- Hold it at a nice restaurant or some other place that people normally don’t frequent and that they would feel is a bit special for a holiday get-together
- Focus on the essential elements for a great office get together: Great food, good conversation, and alcohol in moderate proportions.
A better way to feel the spirit of the season.
As I think back to a lifetime of workplace holiday events, the large after-work parties resonate — but only for the alcohol-driven meltdowns that invariably happened and that we have all come to expect when a large group of your workplace colleagues get together in a no-holds-barred environment.
What stays with me more, however, are the intimate holiday lunches where my managers felt compelled to get dressed up and celebrate another year of working together with a celebration that allowed for true camaraderie to flourish among the people I counted on the most throughout the year.
Yes, big holiday parties are fine, but for my money, it’s the small and intimate holiday lunch that lets you truly celebrate with your workplace colleagues without having to worry about all the potentially negative issues that Laurie and Tim so rightly pointed out.
Perhaps it’s too late for you to do a luncheon this year, but whenever you do one, you’ll find that it not only lets you spend time celebrating in a special way with your co-workers, but it really leaves you feeling the spirit of the season too.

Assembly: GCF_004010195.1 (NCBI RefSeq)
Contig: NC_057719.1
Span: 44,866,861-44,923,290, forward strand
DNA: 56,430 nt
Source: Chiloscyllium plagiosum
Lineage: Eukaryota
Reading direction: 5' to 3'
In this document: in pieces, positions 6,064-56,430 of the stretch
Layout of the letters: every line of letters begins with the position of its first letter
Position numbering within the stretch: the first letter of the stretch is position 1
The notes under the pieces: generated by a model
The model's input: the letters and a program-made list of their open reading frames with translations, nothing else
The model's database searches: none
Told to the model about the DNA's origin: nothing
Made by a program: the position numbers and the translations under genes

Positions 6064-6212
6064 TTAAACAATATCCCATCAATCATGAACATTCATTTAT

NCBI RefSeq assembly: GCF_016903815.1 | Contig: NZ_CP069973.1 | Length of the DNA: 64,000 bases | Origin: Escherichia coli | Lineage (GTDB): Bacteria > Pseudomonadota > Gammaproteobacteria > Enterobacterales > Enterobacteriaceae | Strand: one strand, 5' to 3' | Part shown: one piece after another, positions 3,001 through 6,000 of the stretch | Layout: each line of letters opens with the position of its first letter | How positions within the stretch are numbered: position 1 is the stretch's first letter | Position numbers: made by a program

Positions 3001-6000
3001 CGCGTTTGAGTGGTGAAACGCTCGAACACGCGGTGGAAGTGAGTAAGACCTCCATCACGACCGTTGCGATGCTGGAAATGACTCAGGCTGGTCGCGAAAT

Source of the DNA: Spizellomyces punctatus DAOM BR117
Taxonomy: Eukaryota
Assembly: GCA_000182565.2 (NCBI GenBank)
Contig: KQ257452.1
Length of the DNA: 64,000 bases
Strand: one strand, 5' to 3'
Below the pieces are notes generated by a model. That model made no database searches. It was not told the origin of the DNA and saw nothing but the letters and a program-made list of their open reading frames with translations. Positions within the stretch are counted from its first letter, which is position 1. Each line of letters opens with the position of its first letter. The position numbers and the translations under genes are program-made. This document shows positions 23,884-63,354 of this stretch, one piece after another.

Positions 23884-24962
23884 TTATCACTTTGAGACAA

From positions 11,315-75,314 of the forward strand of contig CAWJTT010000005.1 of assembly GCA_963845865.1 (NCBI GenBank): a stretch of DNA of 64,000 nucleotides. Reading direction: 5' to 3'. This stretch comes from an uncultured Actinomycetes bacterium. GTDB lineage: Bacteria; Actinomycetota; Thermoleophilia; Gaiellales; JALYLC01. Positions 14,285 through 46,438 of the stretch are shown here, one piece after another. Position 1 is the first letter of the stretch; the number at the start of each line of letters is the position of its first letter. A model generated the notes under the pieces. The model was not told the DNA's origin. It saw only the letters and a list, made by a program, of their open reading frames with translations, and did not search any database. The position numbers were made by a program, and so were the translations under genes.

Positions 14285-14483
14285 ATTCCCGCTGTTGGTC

In my book, that’s what the holidays are all about.
John Hollon is an award-winning journalist and nationally recognized expert on leadership, talent management, and smart workforce practices. He currently works as Managing Editor at Fuel50, the career experience company built on thought-leading research and a game-changing platform that mobilizes talent, delivers career path transparency, and evolves the workforce for the future.
He is also a Contributing Editor at ERE Media, where he writes for recruiting website ERE.net as well as for TLNT.com, the popular talent management website he founded and edited for six years.
John was also Editor of RecruitingDaily.com, and before that, Editor-in-Chief of Workforce Management magazine and workforce.com.
During his long career he has held senior editing positions at two metro newspapers – the Los Angeles Herald Examiner and the Orange County Register — and was Executive Editor for the Gannett Co. at two statewide papers —Montana’s Great Falls Tribune and The Honolulu Advertiser in Hawaii. He also has deep experience in magazine and online publishing, serving as editorial director and group editor at Fancy Publications, Vice President of Editorial at Pets.com, and Editor of the San Diego Business Journal.
In addition, John is an adjunct professor in the College of Communications at California State University, Fullerton, and a board member at the Kronos Workforce Institute, where he wrote a chapter on hiring for transferable skills for the Kronos book Being Present: A Practical Guide for Transforming the Employee Experience of Your Frontline Workforce, that will be published in November 2019.
John holds an MBA from Pepperdine University’s Graziado School of Business & Management, a Bachelors in Journalism from California State University, Long Beach, and lives in Southern California.